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Ch. 5: Hampton Institute's Relation To Tuskegee

By Robert R. Moton

In his eloquent address in May, 1903, at the memorial services of General Samuel Chapman Armstrong, Founder, and for twenty-five years Principal, of Hampton Institute, Dr. Booker T. Washington said: "A few nights ago, while I was driving through the woods in Alabama, I discerned in the distance a large, bright fire. Driving to it, I soon found out that by the glow of this fire several busy hands were building a nice frame cottage, to replace a log cabin that had been the abode of the family for a quarter of a century. That fire was lighted by General Armstrong years ago. What does it matter that it was twenty-five years passing through Hampton to Tuskegee and through the Tuskegee Conference to that lonely spot in those lonely woods! It was doing its work very effectually all the same, and will continue to do it through the years to come."

The relations existing between Tuskegee Institute and Hampton Institute are much like those existing between a son and the father who has watched the growth and development of his child through the formative transition periods of his youth, and looks with pride upon him as he stands forth in the full bloom of manhood, enumerating successes already achieved, with large promise of greater and more far-reaching achievements for the immediate future. The child never reaches the point where he does not seek the approval and blessing of the parent, or where he refuses to accept advice and assistance if needed.

In the early days of Tuskegee Mr. Washington turned naturally and properly to Hampton for anything that was needed, as he so beautifully and repeatedly testifies in his autobiography, Up from Slavery. For a long time the men and women who helped him were from Hampton, more than fifty such having been there.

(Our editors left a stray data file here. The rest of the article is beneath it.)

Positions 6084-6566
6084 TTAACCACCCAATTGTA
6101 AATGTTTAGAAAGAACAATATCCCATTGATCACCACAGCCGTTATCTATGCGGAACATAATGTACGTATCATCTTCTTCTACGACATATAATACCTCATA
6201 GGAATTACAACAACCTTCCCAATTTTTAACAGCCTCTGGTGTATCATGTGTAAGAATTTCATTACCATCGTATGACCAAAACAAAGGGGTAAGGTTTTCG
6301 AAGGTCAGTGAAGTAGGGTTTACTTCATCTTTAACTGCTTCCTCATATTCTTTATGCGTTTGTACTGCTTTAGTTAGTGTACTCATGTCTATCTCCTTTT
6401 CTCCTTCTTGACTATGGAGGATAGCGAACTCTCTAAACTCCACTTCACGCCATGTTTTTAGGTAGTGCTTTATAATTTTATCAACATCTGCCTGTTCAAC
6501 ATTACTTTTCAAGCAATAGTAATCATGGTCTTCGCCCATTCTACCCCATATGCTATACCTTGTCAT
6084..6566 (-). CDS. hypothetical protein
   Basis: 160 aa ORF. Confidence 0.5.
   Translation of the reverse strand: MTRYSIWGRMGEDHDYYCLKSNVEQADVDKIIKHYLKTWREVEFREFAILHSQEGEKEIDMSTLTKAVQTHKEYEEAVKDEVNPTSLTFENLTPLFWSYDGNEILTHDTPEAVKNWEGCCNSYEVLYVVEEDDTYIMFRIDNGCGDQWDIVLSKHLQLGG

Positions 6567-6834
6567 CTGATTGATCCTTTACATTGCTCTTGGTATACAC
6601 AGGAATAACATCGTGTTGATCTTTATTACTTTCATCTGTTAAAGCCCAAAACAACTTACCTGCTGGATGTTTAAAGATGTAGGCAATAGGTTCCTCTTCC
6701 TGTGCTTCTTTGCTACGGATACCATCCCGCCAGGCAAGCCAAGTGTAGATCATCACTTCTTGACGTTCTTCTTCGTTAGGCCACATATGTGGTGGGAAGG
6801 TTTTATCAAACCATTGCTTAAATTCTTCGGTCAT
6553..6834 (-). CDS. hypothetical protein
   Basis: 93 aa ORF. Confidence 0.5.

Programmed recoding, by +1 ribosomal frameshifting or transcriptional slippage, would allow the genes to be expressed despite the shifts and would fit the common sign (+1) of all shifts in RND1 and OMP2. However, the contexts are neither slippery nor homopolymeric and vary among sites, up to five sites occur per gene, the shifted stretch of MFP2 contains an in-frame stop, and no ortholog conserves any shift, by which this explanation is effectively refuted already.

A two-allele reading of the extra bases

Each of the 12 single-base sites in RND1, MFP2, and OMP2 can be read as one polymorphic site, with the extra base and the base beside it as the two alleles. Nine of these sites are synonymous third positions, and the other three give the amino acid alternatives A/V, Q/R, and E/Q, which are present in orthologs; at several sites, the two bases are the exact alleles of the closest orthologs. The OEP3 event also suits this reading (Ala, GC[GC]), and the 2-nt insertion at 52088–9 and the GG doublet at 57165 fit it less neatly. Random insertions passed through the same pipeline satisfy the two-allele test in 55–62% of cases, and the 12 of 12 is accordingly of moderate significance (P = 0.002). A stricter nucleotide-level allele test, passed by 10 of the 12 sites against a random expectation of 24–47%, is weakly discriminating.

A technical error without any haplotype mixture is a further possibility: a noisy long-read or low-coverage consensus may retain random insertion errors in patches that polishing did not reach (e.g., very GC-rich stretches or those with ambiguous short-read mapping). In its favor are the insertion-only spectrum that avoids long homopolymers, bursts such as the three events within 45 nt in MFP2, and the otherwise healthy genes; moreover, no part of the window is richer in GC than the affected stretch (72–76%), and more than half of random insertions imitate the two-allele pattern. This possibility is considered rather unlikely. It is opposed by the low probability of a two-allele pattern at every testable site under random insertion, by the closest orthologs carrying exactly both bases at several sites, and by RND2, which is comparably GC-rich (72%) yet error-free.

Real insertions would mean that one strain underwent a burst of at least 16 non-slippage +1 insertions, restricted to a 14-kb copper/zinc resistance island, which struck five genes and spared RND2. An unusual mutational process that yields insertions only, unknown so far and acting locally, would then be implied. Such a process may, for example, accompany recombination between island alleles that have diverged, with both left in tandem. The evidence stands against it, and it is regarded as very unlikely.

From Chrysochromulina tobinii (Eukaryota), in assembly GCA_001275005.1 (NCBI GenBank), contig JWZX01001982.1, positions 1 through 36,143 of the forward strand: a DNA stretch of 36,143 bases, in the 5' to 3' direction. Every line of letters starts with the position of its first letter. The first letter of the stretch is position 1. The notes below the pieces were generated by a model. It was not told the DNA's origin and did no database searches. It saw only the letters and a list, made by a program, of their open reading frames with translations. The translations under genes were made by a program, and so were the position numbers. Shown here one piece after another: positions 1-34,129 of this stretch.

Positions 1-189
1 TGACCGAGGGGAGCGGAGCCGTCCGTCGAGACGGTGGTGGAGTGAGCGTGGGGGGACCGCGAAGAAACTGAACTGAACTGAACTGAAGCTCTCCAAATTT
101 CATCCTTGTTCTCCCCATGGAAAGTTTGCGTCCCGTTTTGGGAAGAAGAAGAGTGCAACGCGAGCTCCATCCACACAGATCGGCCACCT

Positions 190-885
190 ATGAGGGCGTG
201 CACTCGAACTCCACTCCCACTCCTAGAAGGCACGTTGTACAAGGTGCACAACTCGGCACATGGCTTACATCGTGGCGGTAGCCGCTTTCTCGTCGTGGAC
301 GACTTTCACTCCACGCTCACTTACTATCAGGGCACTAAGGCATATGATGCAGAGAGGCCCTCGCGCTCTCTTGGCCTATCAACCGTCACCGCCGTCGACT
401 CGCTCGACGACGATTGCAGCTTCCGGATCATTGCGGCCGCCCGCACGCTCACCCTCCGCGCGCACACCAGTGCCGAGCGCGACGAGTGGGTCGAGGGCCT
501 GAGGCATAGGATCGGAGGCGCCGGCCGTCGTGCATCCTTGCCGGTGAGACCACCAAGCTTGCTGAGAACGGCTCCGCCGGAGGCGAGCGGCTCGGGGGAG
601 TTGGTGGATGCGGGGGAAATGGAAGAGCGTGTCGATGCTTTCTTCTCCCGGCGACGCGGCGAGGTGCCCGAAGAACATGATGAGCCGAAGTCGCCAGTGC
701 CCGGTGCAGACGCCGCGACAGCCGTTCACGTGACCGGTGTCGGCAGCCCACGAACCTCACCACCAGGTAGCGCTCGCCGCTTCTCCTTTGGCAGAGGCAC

While there is a large number of Hampton graduates in the Industrial Departments of Tuskegee, the teaching force, especially in the Academic Department, represents a dozen or more of the best colleges and universities in this country. The same may be said of Hampton.

Up to about eight or ten years ago we at Hampton spoke of Tuskegee as a small Hampton, but "small" no longer describes Tuskegee, and I doubt seriously if large Hampton would be altogether proper.

While Tuskegee was founded on the Hampton plan, and has consistently followed that plan as far as possible, and while these two great "Industrial Universities" are very much alike in spirit and purpose, they are, on the other hand, very dissimilar in external appearance as well as in internal conduct. Each sends out into the benighted districts of the South, and Hampton also into the Indian country of the West, hundreds of men and women who are living influences of civilization and Christianity in their deepest and most far-reaching sense, adding much to the solution of the perplexing questions with which the nation has to deal.

The conditions surrounding the two schools have necessitated certain differences in their evolution. The personnel of the two institutions is different. Hampton has always been governed and controlled by white people, and its teachers have come from the best families of the North. Tuskegee was founded by a Negro, and its teachers and officers have come from the best types of the American Negro and from the best schools opened to them. Hampton deals with a different class of student material, including the Indian, who is almost as different in traits and characteristics from the Negro as he is in feature and origin. These are, in a sense, external differences which must of necessity affect the character and internal machinery of the two institutions.

This is no reflection upon either school, for each is unique and complete in its way, and any marked ethnic change in the management of either would be unfortunate. Hampton is a magnificent illustration of Anglo-Saxon ideas in modern education. Tuskegee, on the other hand, is the best demonstration of Negro achievement along distinctly altruistic lines. In its successful work for the elevation and civilization of the children of the freedmen, it is also the most convincing evidence of the Negroes' ability to work together with mutual regard and mutual helpfulness. When Tuskegee was started there was a serious question as to whether Negroes could in any large measure combine for business or educational purposes. The only cooperative institutions that had been successful among them were the Church and, perhaps, the secret societies.